SEOUL (Reuters) – Scandal has cost South Korean President Yoon Suk-yeol two nominees for a single ministerial position, a first in the country’s history and a new setback for a leader facing plunging poll numbers.
Former lawmaker Kim Seung-hee withdrew as a nominee for the job of health minister on Monday amid accusations of misappropriating political funds, which she has denied.
In May, Yoon’s first pick for the key role withdrew after facing allegations surrounding his children’s admissions into a medical school, which he also denied.
As Education Minister Park Soon-ae took office on Tuesday, she was forced to apologise again for a 20-year-old drunk driving charge. Also on Tuesday, Yoon’s pick as chief antitrust regulator admitted to drunkenly making sexually inappropriate remarks to students as a law professor in 2014.
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The latest Gallup poll, released on Friday, showed Yoon had a 43% approval rating – down 10 points from a month before – with 42% disapproving. Personnel issues were the most commonly cited problem – by about 18% of people who disapproved of Yoon.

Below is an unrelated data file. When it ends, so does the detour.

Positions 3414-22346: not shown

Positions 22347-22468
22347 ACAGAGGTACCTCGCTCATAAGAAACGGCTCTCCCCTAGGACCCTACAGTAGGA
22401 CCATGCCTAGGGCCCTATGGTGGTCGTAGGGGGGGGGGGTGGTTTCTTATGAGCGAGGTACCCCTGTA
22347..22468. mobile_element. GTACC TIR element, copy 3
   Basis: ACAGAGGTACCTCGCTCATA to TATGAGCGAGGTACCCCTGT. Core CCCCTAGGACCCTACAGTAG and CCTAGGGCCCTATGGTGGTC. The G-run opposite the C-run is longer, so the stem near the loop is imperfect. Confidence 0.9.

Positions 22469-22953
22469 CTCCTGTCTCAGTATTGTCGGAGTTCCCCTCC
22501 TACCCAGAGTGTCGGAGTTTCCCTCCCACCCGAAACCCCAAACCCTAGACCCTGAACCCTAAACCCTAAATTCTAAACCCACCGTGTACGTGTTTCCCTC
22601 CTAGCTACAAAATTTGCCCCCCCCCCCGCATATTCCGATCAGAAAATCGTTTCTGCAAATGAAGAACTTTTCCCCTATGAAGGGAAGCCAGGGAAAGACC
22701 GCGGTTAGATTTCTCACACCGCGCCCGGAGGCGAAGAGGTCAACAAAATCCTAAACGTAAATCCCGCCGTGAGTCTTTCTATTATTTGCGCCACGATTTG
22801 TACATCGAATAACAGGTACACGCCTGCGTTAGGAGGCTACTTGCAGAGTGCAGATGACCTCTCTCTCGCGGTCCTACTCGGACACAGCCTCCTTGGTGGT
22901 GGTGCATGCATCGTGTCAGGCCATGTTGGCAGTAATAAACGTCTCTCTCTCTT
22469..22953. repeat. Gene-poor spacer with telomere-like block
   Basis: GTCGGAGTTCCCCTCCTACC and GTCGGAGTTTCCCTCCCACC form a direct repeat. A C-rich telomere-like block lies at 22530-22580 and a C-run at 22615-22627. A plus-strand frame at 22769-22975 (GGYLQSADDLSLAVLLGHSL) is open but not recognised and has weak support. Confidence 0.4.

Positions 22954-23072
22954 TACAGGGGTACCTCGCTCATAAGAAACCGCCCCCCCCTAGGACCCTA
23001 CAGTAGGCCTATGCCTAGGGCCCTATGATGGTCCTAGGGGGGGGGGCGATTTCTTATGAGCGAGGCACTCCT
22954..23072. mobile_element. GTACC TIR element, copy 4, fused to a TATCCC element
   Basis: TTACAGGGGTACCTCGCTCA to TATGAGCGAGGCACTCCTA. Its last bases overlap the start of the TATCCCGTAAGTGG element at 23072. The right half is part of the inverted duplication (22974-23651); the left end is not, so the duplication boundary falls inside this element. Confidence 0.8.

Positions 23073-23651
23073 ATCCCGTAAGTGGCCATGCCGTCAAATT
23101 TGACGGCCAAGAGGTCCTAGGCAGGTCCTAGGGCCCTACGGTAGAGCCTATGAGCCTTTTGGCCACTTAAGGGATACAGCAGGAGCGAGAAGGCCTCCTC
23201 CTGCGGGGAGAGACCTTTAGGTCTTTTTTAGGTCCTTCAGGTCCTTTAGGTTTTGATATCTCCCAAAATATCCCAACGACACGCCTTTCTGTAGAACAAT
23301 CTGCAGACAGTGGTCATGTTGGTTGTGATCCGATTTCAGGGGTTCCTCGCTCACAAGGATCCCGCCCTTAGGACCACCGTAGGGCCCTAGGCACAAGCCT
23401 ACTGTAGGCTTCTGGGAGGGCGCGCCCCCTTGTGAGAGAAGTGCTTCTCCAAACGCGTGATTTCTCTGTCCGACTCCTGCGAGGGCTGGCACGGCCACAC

Yoon, a member of the conservative People Power Party (PPP), has departed from years of tradition by holding informal daily media events to field questions from reporters, but analysts say his off-the-cuff remarks appear to be exacerbating the scandals.
Asked by reporters about the controversy surrounding his personnel choices on Tuesday, Yoon implied they were no worse than those of his predecessor, Moon Jae-in, a member of the rival Democratic Party.
Those comments were “disastrous”, said Park Won-ho, a political science professor at Seoul National University.
“I don’t think what he said is factually wrong, but for the president to think like that is one thing and to say it is another,” Park said. “His unfiltered comments appear to be leading to the marked drop in his approval ratings.”
Eom Kyeong-young, a political commentator based in Seoul, said Yoon needed to understand that reporters’ questions were a reflection of the public opinion.
“Those comments are directly contradicting public expectations. Voters made him president to be different from the previous administration,” Eom said.
The scandals appear to be resonating most sharply with young people, who turned on Moon over perceived corruption and hypocrisy by that administration.
A survey released on Wednesday by pollster RnSearch showed that the percentage of people in their 20s who disapproved of Yoon’s performance had risen to 61.3% from 53.4% a week earlier.
Even young members of Yoon’s party voiced criticism.
Park Min-young, a 29-year-old PPP spokesperson, said in a post on Facebook that the current situation was “embarrassing,” and that while Yoon’s comparison with the previous administration might be enough to silence Democratic Party critics, it was not enough of an answer for voters who had elected Yoon to be different.
(Reporting by Soo-hyang Choi; Writing by Josh Smith; Editing by Bradley Perrett)
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